The Rise of Superman


I stumbled across this Steven Kotler book at my library when I was looking for a copy of Tomorrowland. As a person who has coached high school distance runners and with children who play football, downhill ski, and mountain climb, I was interested in what I could learn about improving human performance.

In The Rise of Superman, Kotler wonders why the boundaries of extreme/adventure sports have been pushed so far, so fast. Perhaps you read the stories of Laird Hamilton surfing at Teahupoo or Alex Honold climbing in Yosemite. (Both of these videos have allusions to the ideas that Kotler is exploring.) Kotler provides some insight into how these amazing athletes are able to do this.

This is not a book on the training you will need to do to become the next Dean Potter. If nothing else you need to know up front that the stories of what the best are doing all have a level of commitment to their individual endeavors which is nothing short of unabashed focus and determination.

The most interesting takeaway for me had to do with the Flow Genome Project and how to begin to recognize what we can do to enter into Flow, a mental state where a person is completely in the moment and experiencing things Neo-like as we enter the Matrix. Some of it comes down to recognizing how we are wired and then putting ourselves in positions to experience that mental state.

For me, that has more to do with being in the moment in the mountains and connects to why I enjoy hiking, climbing, trailrunning, and mountaineering. I could say before reading this book that those are the times when I was fully present to the world around me and not encumbered by distractions which would bother me in other places.

This is a good read a a great place to begin understanding Flow. To take this idea further a person would want to read Flow, by Mihaly Csikszentmihalyi.  One question I have as a teacher is how to create an environment where students can have an easier time entering into flow in the classroom. As a parent, I am interested in how to help my kids recognize what kinds of situations they will experience flow and how to support and encourage them in this.

The Smartest Kids in the World


A book that caught my attention recently is The Smartest Kids in the World by Amanda Ripley. This is a solid introduction to how the education systems in Finland, South Korea, and Poland contrast to the American system. The story is told through the experience of three American foreign exchange students who act as defacto undercover agents that give an account from a students point of view of what it is like to be in the system rather than merely observers of the system.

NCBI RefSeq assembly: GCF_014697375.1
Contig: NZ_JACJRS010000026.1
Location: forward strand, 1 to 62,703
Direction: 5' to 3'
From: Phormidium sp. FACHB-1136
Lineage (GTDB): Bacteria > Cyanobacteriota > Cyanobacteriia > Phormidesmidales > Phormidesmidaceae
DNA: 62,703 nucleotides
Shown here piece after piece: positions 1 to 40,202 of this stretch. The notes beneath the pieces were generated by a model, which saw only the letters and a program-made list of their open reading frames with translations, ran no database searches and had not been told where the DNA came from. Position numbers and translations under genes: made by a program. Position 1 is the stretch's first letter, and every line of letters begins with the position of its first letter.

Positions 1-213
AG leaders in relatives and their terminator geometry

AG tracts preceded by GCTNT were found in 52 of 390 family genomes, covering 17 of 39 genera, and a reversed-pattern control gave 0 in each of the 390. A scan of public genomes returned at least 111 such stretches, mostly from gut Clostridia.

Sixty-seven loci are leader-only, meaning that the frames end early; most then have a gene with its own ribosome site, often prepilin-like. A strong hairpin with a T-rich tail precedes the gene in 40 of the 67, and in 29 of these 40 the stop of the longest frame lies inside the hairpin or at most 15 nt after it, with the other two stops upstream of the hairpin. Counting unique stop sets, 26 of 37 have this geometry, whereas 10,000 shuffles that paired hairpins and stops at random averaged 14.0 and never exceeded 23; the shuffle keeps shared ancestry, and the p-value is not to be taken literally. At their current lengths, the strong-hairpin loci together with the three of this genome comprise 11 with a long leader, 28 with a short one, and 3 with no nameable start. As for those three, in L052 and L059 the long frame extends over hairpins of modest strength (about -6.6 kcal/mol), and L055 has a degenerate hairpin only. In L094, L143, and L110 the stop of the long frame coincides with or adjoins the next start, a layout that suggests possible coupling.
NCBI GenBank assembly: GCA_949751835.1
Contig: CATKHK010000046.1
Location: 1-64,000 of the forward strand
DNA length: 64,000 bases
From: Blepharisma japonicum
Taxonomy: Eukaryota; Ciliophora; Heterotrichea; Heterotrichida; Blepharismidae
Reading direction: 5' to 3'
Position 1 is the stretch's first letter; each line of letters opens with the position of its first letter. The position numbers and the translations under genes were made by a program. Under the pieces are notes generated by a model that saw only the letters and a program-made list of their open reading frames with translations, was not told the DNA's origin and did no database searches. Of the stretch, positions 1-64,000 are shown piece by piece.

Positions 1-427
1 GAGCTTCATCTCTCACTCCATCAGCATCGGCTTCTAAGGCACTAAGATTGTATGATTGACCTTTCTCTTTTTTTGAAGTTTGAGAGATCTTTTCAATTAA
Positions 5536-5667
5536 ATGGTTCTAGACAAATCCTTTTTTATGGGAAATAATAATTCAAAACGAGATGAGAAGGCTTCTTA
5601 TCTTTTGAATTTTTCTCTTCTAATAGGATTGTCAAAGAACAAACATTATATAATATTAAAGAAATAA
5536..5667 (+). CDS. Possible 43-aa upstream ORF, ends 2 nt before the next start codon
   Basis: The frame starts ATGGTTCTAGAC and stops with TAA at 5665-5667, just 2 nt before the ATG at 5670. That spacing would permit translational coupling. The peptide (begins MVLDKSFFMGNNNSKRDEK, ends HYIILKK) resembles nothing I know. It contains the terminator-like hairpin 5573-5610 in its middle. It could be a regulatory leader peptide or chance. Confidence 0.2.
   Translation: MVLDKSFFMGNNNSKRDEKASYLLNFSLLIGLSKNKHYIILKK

The book also gives the reader an excellent glimpse into the origins of the PISA exam and how to interpret the results. Clearly evaluating the educational systems of nations is a complex task and the text gives us a good introduction into what it all means.

The ideas that grabbed my attention as both a parent and a high school teacher are:

1) As a parent the simplest things I can do with my kids is read to them regularly, read myself, ask them about their day at school, and talk to them about current events. These are simple and manageable things that ultimately call my kids to a world that is bigger than it appears when one is young.

2) As a teacher I need to continue to increase, and hold the line, on rigor in my classroom. I need to provide kids opportunities to learn and grow, be challenged and deal with frustration. At the same time, I need to manage the line between appropriate support (it is probably less than our culture would suggest) and letting them work towards a high bar (it is probably higher than our culture would suggest).

3) One new idea from the book that I can implement in my classes has to do with communicating with parents. In the Korean hagwons (tutoring services) the amount of direct communication with parents is significantly more than what I currently do. Student progress is provided frequently and calls home with feedback are made two to three times a month. I’m not sure if I could sustain this today, but I think I could provide twice a month email updates to parents of freshmen, about 60 kids.

I recommend this book for a person that is interested in the way public school is done in other countries. It is readable and provides a good glimpse into the lights and shadows of all of the systems without being doom and gloom for the American education system.